Happy birthday, Pack Justice! Amazon worked its magic really fast, so Pack Justice is now available for purchase! I had a lot of fun writing this book, and I hope you all enjoy it. There will be an email about the release going out to my subscribers on Wednesday, which will include an exclusive short story.
Sean’s guardian angel is a feline, but his spirit cheetah prefers rival attorney, Andrea Morgan, over him. Trapped in a failing, dangerous marriage and stalked by an accomplice of one of the most dangerous criminals he’s ever prosecuted, Sean’s troubles are just beginning.
A vacation should have offered him a chance to save his relationship with his wife, Idette. Instead, Sean learns he isn’t the only one with a secret, and his discovery of his wife’s true nature should have killed him.
To ensure Sean’s survival, his cheetah strikes a bargain with a wolf. Faced with life-long enslavement to his wife, becoming an instrument of pack justice seems like the far better alternative.
Unfortunately, pack justice is as brutal as it is swift, and should Sean fail to put an end to Idette’s machinations, everything he values will be targeted and destroyed, including his chance to be with the one woman who might be able to help him salvage the ruins of his life.
Some men had guardian angels. I, unfortunately, had a cat, and he liked Andrea Morgan far more than he liked me.
My spirit cheetah lounged at Andrea’s feet, and when he noticed my attention on him, he showed me his sharp, pointy teeth. His desire to hunt heated my blood, which cooled as soon as his attention returned to the lawyer he adored.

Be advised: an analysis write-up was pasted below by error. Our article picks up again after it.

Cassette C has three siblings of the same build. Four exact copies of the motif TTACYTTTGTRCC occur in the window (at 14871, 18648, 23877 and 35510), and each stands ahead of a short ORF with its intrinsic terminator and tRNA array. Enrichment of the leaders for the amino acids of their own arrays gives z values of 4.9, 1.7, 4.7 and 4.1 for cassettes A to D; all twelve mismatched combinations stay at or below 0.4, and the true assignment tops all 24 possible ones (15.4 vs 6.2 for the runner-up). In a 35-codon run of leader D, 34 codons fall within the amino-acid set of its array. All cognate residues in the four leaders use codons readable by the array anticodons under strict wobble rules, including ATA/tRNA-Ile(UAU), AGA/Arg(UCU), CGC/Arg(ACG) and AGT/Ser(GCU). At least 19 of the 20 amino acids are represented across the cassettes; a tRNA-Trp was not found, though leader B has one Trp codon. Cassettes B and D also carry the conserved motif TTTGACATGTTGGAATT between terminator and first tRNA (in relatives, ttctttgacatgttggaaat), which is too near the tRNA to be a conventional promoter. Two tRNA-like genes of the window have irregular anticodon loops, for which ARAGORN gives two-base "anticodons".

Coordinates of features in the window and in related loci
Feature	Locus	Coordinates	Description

In a way, I couldn’t blame him. Out of all the female attorneys I had faced in court, she was the one who got under my skin, the one who always managed to piss me off by the end of a trial, and the one who made me lose sleep wondering how I’d finally best her.
I had won the case, but as always when I faced her and proved the victor, it was bittersweet. Normally, there was nothing quite as satisfying as listening to a judge sentence a cop killer to life in prison without chance of parole. The ‘without parole’ part of the judgment caught me by surprise; after Miller v. Alabama, few judges were willing to go so far.
The death sentence was more likely, and California hadn’t executed anyone since 2006.
There would be appeals, and I’d probably have to face Andrea Morgan in court again, which robbed me of my satisfaction and gave me a less-than-healthy dose of anxiety. I forced myself to focus on the good; three women had justice and a chance to get on with their lives. Justice wouldn’t help Officer Andrews, but I thought he’d rest easier with the conviction.
Andrews had been one of the good guys.
Douglass Roberts would lose all future appeals. I’d see to that, even if I had to face Andrea in court again.
All I could do was hope a different defense attorney was assigned the case. Andrea was good—one of the best. But, if my guess was right, the case had been as hard on her as it had been on me. I glanced at the woman out of the corner of my eye.
No one wanted to defend a cop killer and rapist, not in such an open-and-shut case, but she had done her job well. She had fought hard for the man even though he didn’t deserve a single moment of the woman’s time. The way she scowled at her papers made me uneasy. Her blue eyes were dark and clouded, and I wondered if she believed in her client—or if she, like me, despised cop killers and rapists more than other criminals.
I had become an attorney to put men like Douglass Roberts behind bars.
You can buy Pack Justice at Amazon now!
Thanks for reading.